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Susceptibility to Pathological Gambling

This study is ongoing, but not recruiting participants.
Sponsor:
ClinicalTrials.gov Identifier:
NCT01528982
First Posted: February 8, 2012
Last Update Posted: October 26, 2017
The safety and scientific validity of this study is the responsibility of the study sponsor and investigators. Listing a study does not mean it has been evaluated by the U.S. Federal Government. Read our disclaimer for details.
Information provided by (Responsible Party):
Jon Grant, University of Chicago
  Purpose
The goal of this study is to assess the risk factors for the development of pathological gambling.

Condition Intervention
Pathological Gambling Behavioral: Mindfulness Behavioral: Cognition

Study Type: Interventional
Study Design: Allocation: Randomized
Intervention Model: Parallel Assignment
Masking: None (Open Label)
Primary Purpose: Prevention
Official Title: Susceptibility to Pathological Gambling

Resource links provided by NLM:


Further study details as provided by Jon Grant, University of Chicago:

Primary Outcome Measures:
  • Structured Clinical Interview for Pathological Gambling (SCI-PG) [ Time Frame: Up to 3 years ]

    The SCI-PG is a validated and reliable scale assessing the presence of DSM-IV criteria for pathological gambling. The number of criteria met for PG is added for a total score and those meeting 5 or more criteria have DSM-IV pathological gambling.

    Subjects are expected to be followed for the duration of the 3 year study.

    Diagnostic criteria for pathological gambling every 3 months for the length of the study



Enrollment: 588
Study Start Date: November 2008
Estimated Study Completion Date: September 2018
Estimated Primary Completion Date: September 2018 (Final data collection date for primary outcome measure)
Arms Assigned Interventions
No Intervention: Control
Psychoeducation
Active Comparator: Mindfulness
Mindfulness activity and psychoeducation
Behavioral: Mindfulness
Subjects receive mindfulness training
Other Name: Training
Active Comparator: Cognition
Cognitive training and psychoeducation
Behavioral: Cognition
Subject receive cognitive training
Other Name: Training

Detailed Description:
This study will track up to 600 young adults (ages 18 to 29) for a two-year period, collecting variables such as gambling behavior, drug and alcohol use, psychiatry and medical history, family history, impulsivity, quality of life, self-esteem, and cognition. For some individuals who meet criteria as being impulsive, they will be randomized to receive an intervention to help reduce their impulsivity.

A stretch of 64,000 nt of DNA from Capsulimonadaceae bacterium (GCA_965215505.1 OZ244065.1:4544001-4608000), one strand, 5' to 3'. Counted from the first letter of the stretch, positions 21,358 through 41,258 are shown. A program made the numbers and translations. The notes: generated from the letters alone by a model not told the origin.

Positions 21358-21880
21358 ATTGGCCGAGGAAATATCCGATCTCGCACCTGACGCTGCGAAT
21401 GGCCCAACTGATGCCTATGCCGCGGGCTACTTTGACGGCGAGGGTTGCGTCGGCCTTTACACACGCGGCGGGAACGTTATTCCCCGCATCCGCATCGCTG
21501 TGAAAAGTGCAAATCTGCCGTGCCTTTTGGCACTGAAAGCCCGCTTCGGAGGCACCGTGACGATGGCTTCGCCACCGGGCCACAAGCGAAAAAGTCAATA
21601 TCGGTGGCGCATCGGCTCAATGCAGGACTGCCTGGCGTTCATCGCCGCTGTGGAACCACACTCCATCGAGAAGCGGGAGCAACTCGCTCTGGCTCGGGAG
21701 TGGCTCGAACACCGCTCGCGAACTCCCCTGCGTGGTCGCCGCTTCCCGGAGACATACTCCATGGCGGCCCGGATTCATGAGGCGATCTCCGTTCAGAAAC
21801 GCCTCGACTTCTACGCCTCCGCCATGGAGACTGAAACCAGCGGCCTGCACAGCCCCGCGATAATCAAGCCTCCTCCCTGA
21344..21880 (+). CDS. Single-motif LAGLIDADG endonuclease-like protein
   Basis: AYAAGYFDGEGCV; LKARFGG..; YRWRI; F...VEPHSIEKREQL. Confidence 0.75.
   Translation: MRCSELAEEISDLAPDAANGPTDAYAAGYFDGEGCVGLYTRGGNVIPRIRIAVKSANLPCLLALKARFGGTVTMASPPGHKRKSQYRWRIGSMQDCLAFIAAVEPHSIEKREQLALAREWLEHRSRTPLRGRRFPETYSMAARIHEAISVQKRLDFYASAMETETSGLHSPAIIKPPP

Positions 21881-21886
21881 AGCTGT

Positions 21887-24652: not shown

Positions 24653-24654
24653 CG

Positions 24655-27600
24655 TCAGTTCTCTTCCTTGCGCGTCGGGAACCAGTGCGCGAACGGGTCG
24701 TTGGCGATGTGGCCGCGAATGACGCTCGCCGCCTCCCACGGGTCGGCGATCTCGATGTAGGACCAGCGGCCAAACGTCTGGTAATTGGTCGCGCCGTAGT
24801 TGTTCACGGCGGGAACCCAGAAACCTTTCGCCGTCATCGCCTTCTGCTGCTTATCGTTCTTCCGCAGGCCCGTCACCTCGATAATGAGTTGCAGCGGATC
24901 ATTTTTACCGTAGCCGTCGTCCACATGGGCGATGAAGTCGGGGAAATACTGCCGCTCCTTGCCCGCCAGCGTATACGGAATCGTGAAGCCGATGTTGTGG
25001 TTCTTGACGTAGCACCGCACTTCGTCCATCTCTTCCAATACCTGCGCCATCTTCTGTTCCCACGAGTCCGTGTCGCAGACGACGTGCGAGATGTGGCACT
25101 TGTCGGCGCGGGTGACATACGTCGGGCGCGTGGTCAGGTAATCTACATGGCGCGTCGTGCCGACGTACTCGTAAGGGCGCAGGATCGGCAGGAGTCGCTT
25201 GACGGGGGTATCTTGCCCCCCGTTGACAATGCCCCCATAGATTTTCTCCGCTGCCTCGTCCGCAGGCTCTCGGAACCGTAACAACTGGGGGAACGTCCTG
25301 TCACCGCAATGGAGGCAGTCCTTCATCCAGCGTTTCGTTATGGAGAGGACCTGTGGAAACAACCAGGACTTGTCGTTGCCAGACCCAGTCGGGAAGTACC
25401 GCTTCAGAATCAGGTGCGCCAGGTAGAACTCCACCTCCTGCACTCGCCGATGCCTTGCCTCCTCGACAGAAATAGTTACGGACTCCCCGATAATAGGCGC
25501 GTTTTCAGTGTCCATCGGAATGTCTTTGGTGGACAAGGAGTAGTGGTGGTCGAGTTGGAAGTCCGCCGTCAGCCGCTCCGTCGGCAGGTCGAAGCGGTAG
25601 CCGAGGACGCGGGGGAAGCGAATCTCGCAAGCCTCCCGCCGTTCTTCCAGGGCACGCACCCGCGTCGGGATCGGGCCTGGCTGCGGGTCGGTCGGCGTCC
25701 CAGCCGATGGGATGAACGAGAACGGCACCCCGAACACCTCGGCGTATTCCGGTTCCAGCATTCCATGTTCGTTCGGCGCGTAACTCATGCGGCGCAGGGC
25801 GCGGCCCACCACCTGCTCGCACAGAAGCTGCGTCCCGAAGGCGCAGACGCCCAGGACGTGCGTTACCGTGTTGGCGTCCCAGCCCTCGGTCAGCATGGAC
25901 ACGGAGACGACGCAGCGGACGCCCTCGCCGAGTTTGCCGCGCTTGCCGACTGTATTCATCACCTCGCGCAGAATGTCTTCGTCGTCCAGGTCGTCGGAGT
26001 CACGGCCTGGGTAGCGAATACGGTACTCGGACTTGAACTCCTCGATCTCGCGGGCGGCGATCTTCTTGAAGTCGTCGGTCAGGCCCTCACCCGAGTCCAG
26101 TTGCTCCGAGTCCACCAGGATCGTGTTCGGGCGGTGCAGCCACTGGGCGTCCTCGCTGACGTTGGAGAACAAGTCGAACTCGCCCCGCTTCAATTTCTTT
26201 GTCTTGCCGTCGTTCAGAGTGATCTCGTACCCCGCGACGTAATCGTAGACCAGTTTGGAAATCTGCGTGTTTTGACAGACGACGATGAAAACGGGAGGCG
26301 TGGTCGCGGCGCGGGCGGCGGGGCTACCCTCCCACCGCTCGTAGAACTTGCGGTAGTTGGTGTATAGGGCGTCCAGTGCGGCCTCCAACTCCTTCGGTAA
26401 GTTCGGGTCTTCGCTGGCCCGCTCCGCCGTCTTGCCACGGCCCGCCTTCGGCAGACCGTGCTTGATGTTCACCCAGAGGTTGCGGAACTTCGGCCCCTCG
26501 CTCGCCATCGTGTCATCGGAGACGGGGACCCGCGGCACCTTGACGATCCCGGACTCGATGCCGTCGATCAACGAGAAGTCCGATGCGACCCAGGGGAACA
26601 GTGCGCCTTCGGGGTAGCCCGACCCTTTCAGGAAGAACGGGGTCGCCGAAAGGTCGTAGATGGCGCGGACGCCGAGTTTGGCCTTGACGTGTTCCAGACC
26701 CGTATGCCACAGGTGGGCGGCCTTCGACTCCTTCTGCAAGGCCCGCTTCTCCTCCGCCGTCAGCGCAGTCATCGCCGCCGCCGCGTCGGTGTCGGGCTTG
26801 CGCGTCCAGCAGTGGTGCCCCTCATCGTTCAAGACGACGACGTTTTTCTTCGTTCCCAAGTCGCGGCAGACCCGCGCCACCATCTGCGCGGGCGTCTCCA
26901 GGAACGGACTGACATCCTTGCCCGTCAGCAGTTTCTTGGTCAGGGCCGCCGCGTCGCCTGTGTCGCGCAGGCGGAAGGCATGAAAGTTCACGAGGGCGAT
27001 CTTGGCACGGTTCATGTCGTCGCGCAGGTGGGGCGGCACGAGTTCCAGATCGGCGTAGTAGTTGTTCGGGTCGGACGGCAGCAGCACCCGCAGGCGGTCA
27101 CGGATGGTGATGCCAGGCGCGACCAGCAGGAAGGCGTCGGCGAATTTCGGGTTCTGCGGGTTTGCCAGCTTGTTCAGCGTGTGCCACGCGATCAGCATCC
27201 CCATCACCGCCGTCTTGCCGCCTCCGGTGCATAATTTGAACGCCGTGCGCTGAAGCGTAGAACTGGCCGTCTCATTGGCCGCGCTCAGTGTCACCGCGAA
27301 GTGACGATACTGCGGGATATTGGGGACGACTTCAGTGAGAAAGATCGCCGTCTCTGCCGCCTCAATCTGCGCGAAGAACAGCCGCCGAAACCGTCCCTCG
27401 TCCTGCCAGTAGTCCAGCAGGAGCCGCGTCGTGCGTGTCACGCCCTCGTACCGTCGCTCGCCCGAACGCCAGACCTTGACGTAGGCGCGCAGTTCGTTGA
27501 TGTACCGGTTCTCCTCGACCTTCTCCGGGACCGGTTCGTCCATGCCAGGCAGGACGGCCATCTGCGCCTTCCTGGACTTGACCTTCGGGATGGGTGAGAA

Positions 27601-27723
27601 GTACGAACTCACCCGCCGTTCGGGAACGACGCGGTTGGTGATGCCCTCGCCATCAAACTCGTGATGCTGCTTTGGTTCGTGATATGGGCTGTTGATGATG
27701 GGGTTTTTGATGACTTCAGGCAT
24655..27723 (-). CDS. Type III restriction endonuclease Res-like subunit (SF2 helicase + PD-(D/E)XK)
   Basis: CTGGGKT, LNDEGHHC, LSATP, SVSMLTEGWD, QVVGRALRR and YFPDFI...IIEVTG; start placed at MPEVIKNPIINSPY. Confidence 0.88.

Eligibility

Information from the National Library of Medicine

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Ages Eligible for Study:   18 Years to 29 Years   (Adult)
Sexes Eligible for Study:   All
Accepts Healthy Volunteers:   Yes
Criteria

Inclusion Criteria:

  • Ability to understand the procedures and provide written consent
  • Gambled at least 5 times in the past year
  • Between the ages of 18 and 29 at intake

Exclusion Criteria:

  • Inability to understand the procedures and provide written consent
  Contacts and Locations
Information from the National Library of Medicine

To learn more about this study, you or your doctor may contact the study research staff using the contact information provided by the sponsor.

Please refer to this study by its ClinicalTrials.gov identifier (NCT number): NCT01528982


Locations
United States, Illinois
University of Chicago
Chicago, Illinois, United States, 60637
Sponsors and Collaborators
University of Chicago
Investigators
Principal Investigator: Jon E Grant, JD, MD, MPH University of Chicago, Department of Psychiatry
  More Information

Responsible Party: Jon Grant, Profesor of Psychiatry, University of Chicago
ClinicalTrials.gov Identifier: NCT01528982     History of Changes
Other Study ID Numbers: 0811S53121
First Submitted: August 30, 2011
First Posted: February 8, 2012
Last Update Posted: October 26, 2017
Last Verified: October 2017

Additional relevant MeSH terms:
Disease Susceptibility
Gambling
Disease Attributes
Pathologic Processes
Disruptive, Impulse Control, and Conduct Disorders
Mental Disorders